Rhymes of Goodbye: Posthumous Films at MIFF
The MIFF 2016 program features a number of filmmaker debuts, including Joe Cinque’s Consolation, Sotiris Dounoukos’s first feature; Indignation, the directorial debut of veteran US producer James Schamus; and all the shorts screening in the Accelerator program. This year’s program also features filmmaker departures, in the form of Andrzej Å»uÅ‚awski’s Cosmos and Chantal Akerman’s No Home Movie: two final films by two deceased directors, both acclaimed and unique figures of cinema. It is difficult to resist the impulse to read these works in relation not just to the rest of their respective directors’ bodies of work, but also to their creators’ deaths. Is it really right, however, to consider a last film a last word?
Å»uÅ‚awski died of cancer earlier this year, and in many ways Cosmos is imbued with ideas of death. An adaptation of the 1965 novel of the same name by Witold Gombrowicz, the film concerns drop-outs Witold and Fuchs, who have moved into a French family’s guesthouse. When they find dead animals hung from trees in the house’s garden – first a bird, then later a cat – the family and guests wonder if a human will be next.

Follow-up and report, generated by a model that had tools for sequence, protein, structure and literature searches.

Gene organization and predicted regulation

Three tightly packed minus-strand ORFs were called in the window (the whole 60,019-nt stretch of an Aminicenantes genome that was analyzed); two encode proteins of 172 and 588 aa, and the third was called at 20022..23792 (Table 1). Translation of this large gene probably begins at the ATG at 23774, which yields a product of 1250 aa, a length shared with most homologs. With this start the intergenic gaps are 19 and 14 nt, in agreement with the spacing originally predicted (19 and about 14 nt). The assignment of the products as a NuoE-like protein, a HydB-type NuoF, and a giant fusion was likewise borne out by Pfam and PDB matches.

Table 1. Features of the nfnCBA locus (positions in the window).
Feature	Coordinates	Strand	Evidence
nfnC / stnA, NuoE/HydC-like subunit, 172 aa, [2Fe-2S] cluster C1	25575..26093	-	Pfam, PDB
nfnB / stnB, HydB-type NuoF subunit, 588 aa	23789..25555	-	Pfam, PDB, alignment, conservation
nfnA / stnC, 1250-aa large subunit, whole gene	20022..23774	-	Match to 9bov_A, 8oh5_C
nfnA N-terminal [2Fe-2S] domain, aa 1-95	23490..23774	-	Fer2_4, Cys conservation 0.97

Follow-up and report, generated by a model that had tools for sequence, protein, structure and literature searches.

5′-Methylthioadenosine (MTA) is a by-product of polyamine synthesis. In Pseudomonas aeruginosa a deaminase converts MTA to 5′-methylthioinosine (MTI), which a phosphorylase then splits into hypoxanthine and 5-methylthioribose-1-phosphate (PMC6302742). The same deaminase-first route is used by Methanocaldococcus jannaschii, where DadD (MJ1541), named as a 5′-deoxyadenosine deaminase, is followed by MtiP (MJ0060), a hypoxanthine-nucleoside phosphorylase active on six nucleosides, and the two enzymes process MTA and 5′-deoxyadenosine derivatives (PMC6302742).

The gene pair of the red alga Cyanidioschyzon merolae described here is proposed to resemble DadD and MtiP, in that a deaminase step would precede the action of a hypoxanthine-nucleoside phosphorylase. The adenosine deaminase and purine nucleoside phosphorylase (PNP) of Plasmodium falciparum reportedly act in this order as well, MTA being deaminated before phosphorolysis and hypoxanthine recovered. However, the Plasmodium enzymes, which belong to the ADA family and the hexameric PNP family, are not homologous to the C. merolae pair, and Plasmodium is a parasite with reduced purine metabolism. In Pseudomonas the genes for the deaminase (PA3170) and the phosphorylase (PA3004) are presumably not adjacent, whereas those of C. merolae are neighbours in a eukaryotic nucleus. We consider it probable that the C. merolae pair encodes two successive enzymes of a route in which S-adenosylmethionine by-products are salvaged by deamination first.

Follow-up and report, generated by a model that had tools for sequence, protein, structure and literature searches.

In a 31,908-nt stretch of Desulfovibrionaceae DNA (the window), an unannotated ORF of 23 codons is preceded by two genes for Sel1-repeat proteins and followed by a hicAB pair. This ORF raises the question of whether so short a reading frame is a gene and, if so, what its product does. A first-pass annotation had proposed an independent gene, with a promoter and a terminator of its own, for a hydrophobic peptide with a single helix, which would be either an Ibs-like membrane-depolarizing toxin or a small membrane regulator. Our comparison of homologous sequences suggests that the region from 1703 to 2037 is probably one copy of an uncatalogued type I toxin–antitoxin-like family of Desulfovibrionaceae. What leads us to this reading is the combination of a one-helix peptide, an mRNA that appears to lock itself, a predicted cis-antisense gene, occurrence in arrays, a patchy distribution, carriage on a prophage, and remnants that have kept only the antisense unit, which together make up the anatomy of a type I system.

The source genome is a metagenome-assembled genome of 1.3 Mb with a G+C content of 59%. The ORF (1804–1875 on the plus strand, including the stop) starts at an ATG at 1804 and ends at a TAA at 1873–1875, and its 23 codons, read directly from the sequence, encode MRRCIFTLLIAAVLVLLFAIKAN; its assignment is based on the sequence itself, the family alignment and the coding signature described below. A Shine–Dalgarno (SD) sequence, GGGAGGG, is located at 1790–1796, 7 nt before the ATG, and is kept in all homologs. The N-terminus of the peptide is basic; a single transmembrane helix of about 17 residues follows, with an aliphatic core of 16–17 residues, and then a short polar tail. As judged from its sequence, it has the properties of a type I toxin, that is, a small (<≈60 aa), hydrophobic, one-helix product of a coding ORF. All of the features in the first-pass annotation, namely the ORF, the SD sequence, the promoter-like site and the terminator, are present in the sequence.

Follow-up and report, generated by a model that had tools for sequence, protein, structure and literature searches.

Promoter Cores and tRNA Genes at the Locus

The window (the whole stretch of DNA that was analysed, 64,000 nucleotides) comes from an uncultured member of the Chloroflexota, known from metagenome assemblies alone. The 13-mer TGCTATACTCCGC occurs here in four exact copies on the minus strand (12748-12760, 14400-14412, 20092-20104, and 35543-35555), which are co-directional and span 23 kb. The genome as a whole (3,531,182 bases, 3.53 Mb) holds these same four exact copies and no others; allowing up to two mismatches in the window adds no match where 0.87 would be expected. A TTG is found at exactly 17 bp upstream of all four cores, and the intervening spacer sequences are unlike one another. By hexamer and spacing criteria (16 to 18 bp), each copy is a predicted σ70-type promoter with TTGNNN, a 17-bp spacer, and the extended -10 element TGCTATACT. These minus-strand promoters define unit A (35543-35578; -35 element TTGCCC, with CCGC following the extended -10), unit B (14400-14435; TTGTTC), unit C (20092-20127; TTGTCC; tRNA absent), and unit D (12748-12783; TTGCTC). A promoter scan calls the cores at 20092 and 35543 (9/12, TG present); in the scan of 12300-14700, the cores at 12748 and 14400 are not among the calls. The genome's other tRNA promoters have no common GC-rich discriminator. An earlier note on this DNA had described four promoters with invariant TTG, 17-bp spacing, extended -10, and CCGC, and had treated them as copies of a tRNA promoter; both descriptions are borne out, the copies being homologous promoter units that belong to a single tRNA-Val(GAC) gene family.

Cosmos contains the same kind of hysterical excess found in Å»uÅ‚awski’s earlier work, including The Devil (1972) and Possession (1981). So late in his career, Å»uÅ‚awski still displays a keenness to experiment with his own form and push it to the point of the filmmaking process almost collapsing in on itself. The lighting equipment and camera dolly tracks become visible in the frame near the end of the film, and a final passage that intercuts between alternate takes suggests two very different possible endings for the narrative. The completely wild conversations between Witold and Fuchs flow so seamlessly that they avoid the risk of seeming merely a clever play of references and associations, instead affirming the genuine rapport between the two. Meanwhile, the interactions between the two boarders and their host family tackle class, age and gender differences in an ecstatic, nervous, and anything but conventional fashion. Å»uÅ‚awski displays remarkable control and assurance as the camera slowly and subtly moves around the perfectly timed chaos.
As loose and freewheeling as the film appears to be, these very qualities contribute towards making Cosmos a meditation on human mortality and a work that seems to call out to be read as a final testament. In this reading, the all-encompassing idea of the cosmos the film constantly references and the wide array of character types that appear in the film provide a final summation of human existence. The breaking of the fourth wall by showing film equipment forces us to question the filmmaking process, and by extension the director’s own life spent constructing fictional worlds for the screen. The alternate endings reflect Å»uÅ‚awski’s uncertainty in the face of his own oncoming death.